The opinion of the court was delivered by: Harold A. Baker United States District Judge
Before the court is the defendants' unopposed motion  to strike the plaintiff's summary judgment motion .
The plaintiff, Daniel G. Bahler is proceeding pro se. Bahler's Motion for Summary Judgment argues that he is entitled to judgment on claims against Sheriff Owens and Deputies Galloway, Rushing and Loper that they "used excessive force against him and that they violated his right to access the legal system." Although unclear, it appears that Bahler is seeking summary judgment as to the defendants' affirmative defenses and also as to his claim. However, Bahler fails to provide any evidentiary support for his motion with the exception of his self serving statement which is neither affirmed nor sworn. Further, the plaintiff's self serving statement contains merely conclusory allegations rather than assertions of fact.
Although pro-se litigants are entitled to a more lenient pleading standard, and must receive notice regarding the meaning and consequences of a summary judgment motion, they must still adhere to the dictates of the Federal Rules of Civil Procedure. Trask v. General Elec. Co., 207 F. Supp. 2d 843, 845 (N.D. Ill. 2002). "The essence of a liberal construction is to give a pro se plaintiff a break when, although he stumbles on a technicality, his pleading is otherwise understandable." Greer v. Board of Educ. of City of Chicago, 267 F.3d 723, 727 (7th Cir. 2001) citing Hudson v. McHugh, 148 F.3d 859,864 (7th Cir. 1998). As the Seventh Circuit explained: While we have insisted that the pleadings prepared by prisoners who do not have access to counsel be liberally construed, see Haines v. Kerner, 404 U.S. 519, 92 S.Ct. 594, 30 L.Ed.2d 652 (1972); Estelle v. Gamble, 429 U.S. 97, 106, 97 S.Ct. 285, 292, 50 L.Ed.2d 251 (1976), and have held that some procedural rules must give way because of the unique circumstances of incarceration, see Houston v. Lack, 487 U.S. 266, 108 S.Ct. 2379, 101 L.Ed.2d 245 (1988) (pro se prisoner's notice of appeal deemed filed at time of delivery to prison authorities), we have never suggested that procedural rules in ordinary civil litigation should be interpreted so as to excuse mistakes by those who proceed without counsel. As we have noted before, "in the long run, experience teaches that strict adherence to the procedural requirements specified by the legislature is the best guarantee of evenhanded administration of the law." Mohasco Corp. v. Silver, 447 U.S. 807, 826, 100 S.Ct. 2486, 2497, 65 L.Ed.2d 532 (1980). McNeil v. United States, 508 U.S. 106, 112-13, 113 S.Ct. 1980, 1983-84, 124 L.Ed.2d 21 (1993)(footnotes omitted). To put this differently, rules apply to uncounseled litigants and must be enforced. Members v. Paige, 140 F.3d 699, 702-03 (7th Cir. 1998).
Federal Rule of Civil Procedure 56(e) sets forth the procedural requirements for affidavits submitted with a motion for summary judgment. "Supporting and opposing affidavits shall be made on personal knowledge, shall set forth such facts as would be admissible in evidence, and shall show affirmatively that the affiant is competent to testify to the matters stated therein." Fed. R. Civ. P. 56(e). The plaintiff has failed to comply with Federal Rule of Civil Procedure 56. As detailed above, the plaintiff has failed to assert any material facts that would be admissible in evidence as to the defendants. The defendants assert that they are unable to respond to plaintiff's motion for summary judgment because there are no assertions of fact made against them. The court agrees. Bahler's statement of facts is not supported by any affidavit or other evidentiary material. His own statement is not sworn or affirmed and therefore not properly considered on a motion for summary judgment. His entire statement of facts therefore must be stricken and the motion denied. All motions for summary judgment and response and replies thereto shall comply with the requirement of Local Rule 7.1. Any filing not in compliance may be stricken by the court. C.D. Ill. Local Rule 7.1. The only material submitted by the plaintiff in his motion for summary judgment is the Seventh Circuit's order allowing him to proceed with Count III of his Complaint. However, the defendants did not assert a statute of limitations affirmative defense as to Count III -- the "shock belt" claim despite Bahler's assertion. See Defendants' Answer previously filed. The Seventh Circuit did find Bahler's "shock gun" claim timely filed within the two-year statute of limitations. The defendants filed statute of limitations defenses only as to Count I and Count II which allege actions which occurred in July 2003 and August 2003. The defendants assert that in the alternative, defendants should be allowed to complete discovery before responding to the motion for summary judgment. The discovery closed on May 29, 2009. Further, the defendants claim that the plaintiff has failed to respond to written discovery which was propounded on or about November 4, 2008. Defendants further assert that counsel for the defendants sent a letter to the plaintiff on or about March 31, 2009 requesting responses to said written discovery. The plaintiff sent communication back that he will respond upon receipt of certain documents.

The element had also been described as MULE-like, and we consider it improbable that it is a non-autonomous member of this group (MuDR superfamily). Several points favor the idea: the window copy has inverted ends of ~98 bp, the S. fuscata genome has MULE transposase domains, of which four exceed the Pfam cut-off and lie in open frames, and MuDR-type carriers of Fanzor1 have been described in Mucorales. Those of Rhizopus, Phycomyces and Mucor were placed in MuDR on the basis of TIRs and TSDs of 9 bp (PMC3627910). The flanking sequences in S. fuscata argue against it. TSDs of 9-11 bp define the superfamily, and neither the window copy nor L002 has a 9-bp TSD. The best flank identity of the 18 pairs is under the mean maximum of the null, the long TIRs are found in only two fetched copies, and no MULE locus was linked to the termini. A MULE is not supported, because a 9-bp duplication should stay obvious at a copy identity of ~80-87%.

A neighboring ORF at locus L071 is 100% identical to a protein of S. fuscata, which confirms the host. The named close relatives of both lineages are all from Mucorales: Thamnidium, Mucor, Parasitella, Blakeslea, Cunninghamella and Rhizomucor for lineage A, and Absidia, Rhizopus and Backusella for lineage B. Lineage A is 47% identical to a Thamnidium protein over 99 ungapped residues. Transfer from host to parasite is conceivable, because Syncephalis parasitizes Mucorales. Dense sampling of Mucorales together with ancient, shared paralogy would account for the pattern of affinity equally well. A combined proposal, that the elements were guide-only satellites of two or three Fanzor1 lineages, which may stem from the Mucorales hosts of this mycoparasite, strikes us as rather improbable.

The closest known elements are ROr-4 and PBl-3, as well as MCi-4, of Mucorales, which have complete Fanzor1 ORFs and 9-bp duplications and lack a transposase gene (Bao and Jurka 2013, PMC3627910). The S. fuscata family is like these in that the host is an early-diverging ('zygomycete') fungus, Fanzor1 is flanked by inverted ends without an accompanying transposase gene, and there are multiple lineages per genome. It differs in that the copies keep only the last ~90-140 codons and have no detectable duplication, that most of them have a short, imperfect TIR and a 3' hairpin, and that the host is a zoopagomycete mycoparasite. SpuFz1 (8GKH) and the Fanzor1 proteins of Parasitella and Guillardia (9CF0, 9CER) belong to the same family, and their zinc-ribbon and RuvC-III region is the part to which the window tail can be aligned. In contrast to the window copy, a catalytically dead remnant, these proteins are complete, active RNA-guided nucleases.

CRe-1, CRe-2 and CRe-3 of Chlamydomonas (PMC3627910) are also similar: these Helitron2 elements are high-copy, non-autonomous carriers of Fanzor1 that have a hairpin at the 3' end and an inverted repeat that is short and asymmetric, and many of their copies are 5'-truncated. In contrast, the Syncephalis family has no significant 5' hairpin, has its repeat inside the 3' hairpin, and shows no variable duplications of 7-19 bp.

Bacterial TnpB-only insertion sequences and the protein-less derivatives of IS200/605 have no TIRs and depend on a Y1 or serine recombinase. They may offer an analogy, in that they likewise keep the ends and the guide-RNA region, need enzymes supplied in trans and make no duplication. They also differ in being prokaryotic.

Based on the foregoing, it is ordered:
1. Pursuant to Federal Rule of Civil Procedure 56(e) and USDC L. R. 7.1, the defendants motion to strike  the plaintiff's summary judgment motion  is granted. The clerk of the court is directed to strike the plaintiff's summary judgment motion , forthwith.
Enter this 12th day of June 2009.
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